|Part of a group of Christmas stuffed characters that we have collected. The TomTen in the back with the long nose came from my Aunt Myrtle, who made them.|
Bill's Nannie made the crocheted Santa in the front.
This month I had thought to try to do one kind thing each day. On the first day I set out to do small kindnesses, I ended up glaring at a young woman in the grocery store who cut in front of me to pick up a newspaper without an "excuse me" or any indication that I was there, and who then, with paper in hand, sauntered right back in front of me before exiting the store. I paused after she left to consider why that action so upset me.
As I pushed my cart outside, I realized that what I missed were the courtesies that used to pave the way for polite interchanges in our town. This year, especially, I find my curmudgeon part surfacing as I try to remind myself to give people the benefit of the doubt. "She probably needed to get home quickly," crossed my mind.
The holidays easily create a contrast between rudeness and kindness. While I rush around doing the last-minute things that I set out to do that day, I am bombarded by the cacophony of crowds, traffic, holiday music blaring on the sidewalk, the need to finish quickly and get home. At the end of the day, I walked into the same grocery store where the young woman had cut in front of me. I was surprised by the calming effect of Christmas music over the loudspeaker. I usually think music in a store to be another irritant. The store wasn't crowded, I knew what I wanted but the colors of the vegetables and fruits caught my attention and I couldn't help looking at the Christmas craft goods on display. As I slowed down to look around me, I took the time in my mind to change the sound from an annoying extra noise to familiar music that reminded me of holidays in past years.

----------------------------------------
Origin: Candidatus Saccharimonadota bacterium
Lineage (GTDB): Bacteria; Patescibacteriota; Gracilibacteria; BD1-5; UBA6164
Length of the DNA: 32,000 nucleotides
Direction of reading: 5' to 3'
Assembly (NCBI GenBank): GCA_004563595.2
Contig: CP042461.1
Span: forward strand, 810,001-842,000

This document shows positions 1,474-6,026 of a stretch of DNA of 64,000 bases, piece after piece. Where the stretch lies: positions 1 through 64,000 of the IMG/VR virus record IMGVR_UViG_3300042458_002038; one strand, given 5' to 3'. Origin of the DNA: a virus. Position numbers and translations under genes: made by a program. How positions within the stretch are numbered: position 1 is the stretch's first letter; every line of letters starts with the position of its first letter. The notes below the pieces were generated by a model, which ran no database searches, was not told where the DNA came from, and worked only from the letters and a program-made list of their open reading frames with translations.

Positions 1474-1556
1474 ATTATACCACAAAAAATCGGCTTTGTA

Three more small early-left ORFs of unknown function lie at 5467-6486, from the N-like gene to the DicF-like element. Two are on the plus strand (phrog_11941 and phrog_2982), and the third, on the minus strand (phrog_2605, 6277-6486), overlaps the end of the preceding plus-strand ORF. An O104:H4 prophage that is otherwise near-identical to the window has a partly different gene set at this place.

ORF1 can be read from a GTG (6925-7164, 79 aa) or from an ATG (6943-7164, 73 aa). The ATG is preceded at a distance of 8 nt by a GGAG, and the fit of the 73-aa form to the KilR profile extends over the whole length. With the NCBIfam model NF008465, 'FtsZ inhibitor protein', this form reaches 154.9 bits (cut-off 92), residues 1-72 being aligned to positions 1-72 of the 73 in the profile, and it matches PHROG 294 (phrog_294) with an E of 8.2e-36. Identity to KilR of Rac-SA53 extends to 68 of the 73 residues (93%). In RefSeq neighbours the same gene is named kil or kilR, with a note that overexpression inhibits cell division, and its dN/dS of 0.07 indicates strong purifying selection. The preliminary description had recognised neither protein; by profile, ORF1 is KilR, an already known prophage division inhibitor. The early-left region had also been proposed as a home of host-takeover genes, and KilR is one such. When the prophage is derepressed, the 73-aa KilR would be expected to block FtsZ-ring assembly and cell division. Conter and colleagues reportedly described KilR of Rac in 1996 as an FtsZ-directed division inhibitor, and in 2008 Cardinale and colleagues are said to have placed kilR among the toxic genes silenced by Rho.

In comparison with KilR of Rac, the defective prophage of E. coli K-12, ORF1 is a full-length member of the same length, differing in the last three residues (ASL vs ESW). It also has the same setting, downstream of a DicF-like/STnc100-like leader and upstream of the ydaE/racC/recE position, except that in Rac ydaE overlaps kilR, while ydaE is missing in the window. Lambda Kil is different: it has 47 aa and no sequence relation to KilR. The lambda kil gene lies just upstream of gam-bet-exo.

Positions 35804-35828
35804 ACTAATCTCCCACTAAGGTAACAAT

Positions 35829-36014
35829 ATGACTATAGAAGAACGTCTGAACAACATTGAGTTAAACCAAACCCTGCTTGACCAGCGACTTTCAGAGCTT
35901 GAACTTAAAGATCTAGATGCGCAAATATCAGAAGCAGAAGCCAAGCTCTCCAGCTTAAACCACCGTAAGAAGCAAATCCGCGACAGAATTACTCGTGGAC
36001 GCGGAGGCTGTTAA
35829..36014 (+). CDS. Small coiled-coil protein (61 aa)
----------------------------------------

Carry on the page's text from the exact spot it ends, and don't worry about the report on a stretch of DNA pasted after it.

I thought again of my desire to practice kindness for a month. Kindness doesn't have to be big gestures: letting someone else in a hurry move past me, listening to someone on the phone when they need to talk, and paying attention to what is around me, but also stepping back from the action to let it just swirl around me. I had often been told and read articles that stated that the only way to be truly kind to others is to first be kind to yourself. I have practiced mindfulness for a long time, but I never thought of being mindful as a kindness to myself. In that last moment in the grocery store, I finally understood this meaning. The small gesture of slowing down released my coiled sense of urgency that prevented me from letting another person go ahead of me graciously. Maybe what I really need to do every day is to offer moments of kindness to myself.
I hope in this busy season you will also give yourself a dose of kindness each day.
|A neighbor at our Craft Day brought supplies to make these candle ornaments that she found on Pinterest.|
I spent a whole day making several batches of them.